The departure of an employed physician represents a significant concern among private radiology practice leaders, which is why practices must take proactive steps to protect themselves in the event a provider leaves, according to Gregg Reisman and Roy W. Breitenbach, partners at the Garfunkel Wild law firm in Great Neck, N.Y.
To help practices prepare for the departure of a provider, Reisman and Breitenbach laid out 10 steps practices can take to protect themselves in an article published in the January issue of the Journal of the American College of Radiology.
- Get it in writing – No matter how much prior discussion took place or how much practice leaders may trust new physicians, a written agreement must be in place. “The lack of a written agreement virtually guarantees a protracted legal battle as both sides engage in factual disputes regarding the actual terms of their oral agreement,” wrote the authors, who added that without an agreement issues like custody of medical records and access to patient lists can’t be settled reasonably and will likely be imposed by strangers in the aftermath of the departure.
- Make sure the agreement is current – This includes both ensuring the agreement has not expired and also ensuring the agreement reflects the current status of the relationship.
- Have reasonable restrictive covenants and enforce them – “One of the best ways a practice can protect itself from a departing physician is to have noncompetition and nonsolicitation covenants in place,” wrote Reisman and Breitenbach. These agreements prevent recently departed physicians from pulling patients away from the old practice. Restricting practice in the area where 80 percent of the original practice’s patients come from for three years is a good rule of thumb.
- Protect confidential and proprietary information – Written agreements should have clear provisions classifying sensitive information, such as patient and referral lists, as confidential and proprietary information that must be returned to the practice. Practices should limit information access to a “need to know” basis, since courts could refuse to enforce confidentiality provisions if all reasonable steps to preserve confidentiality were not taken, according to the authors.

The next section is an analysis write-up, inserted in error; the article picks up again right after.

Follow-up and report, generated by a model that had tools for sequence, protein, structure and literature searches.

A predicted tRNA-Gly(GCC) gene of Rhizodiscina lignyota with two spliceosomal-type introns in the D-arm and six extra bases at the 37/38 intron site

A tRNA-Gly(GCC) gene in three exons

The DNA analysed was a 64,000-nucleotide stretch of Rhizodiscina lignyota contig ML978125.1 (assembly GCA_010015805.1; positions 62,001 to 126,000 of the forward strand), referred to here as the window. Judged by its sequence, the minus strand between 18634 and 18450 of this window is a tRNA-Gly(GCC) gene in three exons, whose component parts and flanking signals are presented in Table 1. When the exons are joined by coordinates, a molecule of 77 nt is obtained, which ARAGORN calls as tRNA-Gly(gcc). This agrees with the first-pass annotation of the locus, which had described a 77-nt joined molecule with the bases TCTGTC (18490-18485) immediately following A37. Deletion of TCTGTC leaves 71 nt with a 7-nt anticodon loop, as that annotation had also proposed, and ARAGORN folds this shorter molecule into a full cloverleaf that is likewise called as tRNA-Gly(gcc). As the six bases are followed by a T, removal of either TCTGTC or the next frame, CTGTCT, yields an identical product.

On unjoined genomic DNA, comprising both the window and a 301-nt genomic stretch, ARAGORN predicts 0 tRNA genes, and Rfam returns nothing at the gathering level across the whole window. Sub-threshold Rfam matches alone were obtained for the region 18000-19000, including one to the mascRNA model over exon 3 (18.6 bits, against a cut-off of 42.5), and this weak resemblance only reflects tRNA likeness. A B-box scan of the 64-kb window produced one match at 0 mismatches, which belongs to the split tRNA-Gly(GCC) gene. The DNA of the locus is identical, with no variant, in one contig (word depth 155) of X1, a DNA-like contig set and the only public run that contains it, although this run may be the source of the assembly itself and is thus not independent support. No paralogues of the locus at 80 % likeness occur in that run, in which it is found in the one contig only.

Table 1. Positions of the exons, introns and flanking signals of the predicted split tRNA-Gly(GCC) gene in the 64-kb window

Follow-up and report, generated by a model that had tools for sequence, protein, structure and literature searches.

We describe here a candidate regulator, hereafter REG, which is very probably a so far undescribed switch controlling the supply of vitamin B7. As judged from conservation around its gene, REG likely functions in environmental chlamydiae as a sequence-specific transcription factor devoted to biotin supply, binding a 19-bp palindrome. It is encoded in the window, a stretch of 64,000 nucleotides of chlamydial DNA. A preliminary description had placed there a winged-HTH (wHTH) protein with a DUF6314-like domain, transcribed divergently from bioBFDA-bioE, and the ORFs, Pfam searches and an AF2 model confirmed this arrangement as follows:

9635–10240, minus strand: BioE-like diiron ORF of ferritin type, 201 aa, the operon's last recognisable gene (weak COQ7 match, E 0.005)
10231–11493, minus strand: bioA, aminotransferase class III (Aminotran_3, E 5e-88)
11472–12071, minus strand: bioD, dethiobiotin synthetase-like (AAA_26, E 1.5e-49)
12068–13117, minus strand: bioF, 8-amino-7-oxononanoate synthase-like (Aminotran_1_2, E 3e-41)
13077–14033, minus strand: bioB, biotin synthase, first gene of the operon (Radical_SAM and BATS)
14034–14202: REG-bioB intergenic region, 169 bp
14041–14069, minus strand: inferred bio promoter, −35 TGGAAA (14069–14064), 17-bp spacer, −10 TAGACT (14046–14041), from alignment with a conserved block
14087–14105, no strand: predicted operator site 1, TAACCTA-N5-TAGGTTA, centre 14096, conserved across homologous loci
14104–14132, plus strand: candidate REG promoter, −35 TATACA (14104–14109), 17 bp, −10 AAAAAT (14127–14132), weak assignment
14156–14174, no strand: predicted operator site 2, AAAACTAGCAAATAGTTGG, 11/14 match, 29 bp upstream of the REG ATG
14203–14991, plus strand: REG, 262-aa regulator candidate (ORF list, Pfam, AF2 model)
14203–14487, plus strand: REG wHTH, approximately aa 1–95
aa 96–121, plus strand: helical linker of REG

- Understand rules regarding patient records and contacts – Two issues that often arise with the departure of a physician are whether that physician has access to copies of the medical records for patients he or she treated and whether the departing physician can or should inform patients of the physician’s new practice location. “These issues in most jurisdictions are complex because they involve the intersection of corporate law and medical ethics rules,” wrote Reisman and Breitenbach. “And generally, most courts will bend over backward to ensure that the continuity of patient care is preserved at all costs.”
- Have accurate financial reporting – Without accurate financial records, disputes are more likely. “Compensation disputes are extremely problematic during physician departures,” wrote the authors. “If a departing physician can raise a significant question as to whether the practice paid the required compensation, courts likely will be reluctant to enforce noncompetition covenants, nonsolicitation covenants or confidentiality agreements.”
- Observe legal formalities and requirements – By conducting regular meetings, filing tax information and maintaining minutes or other records, agreements are easier to enforce in the event of a departure.
- Maintain good relations with support staff – If staff is more loyal to the departing provider than the practice as a whole, it can wreak havoc on business, wrote the authors.
- Protect third-party payor relationships – Provider agreements should be in the name of the practice and addresses for reimbursement payments should be under control of the practice.
- Have professionals ready to assist with damage control – “Finally, given that the departure of a physician is often an emotional experience, it is vitally important to have legal and financial professionals in place to provide calm, reasoned advice,” concluded Reisman and Breitenbach.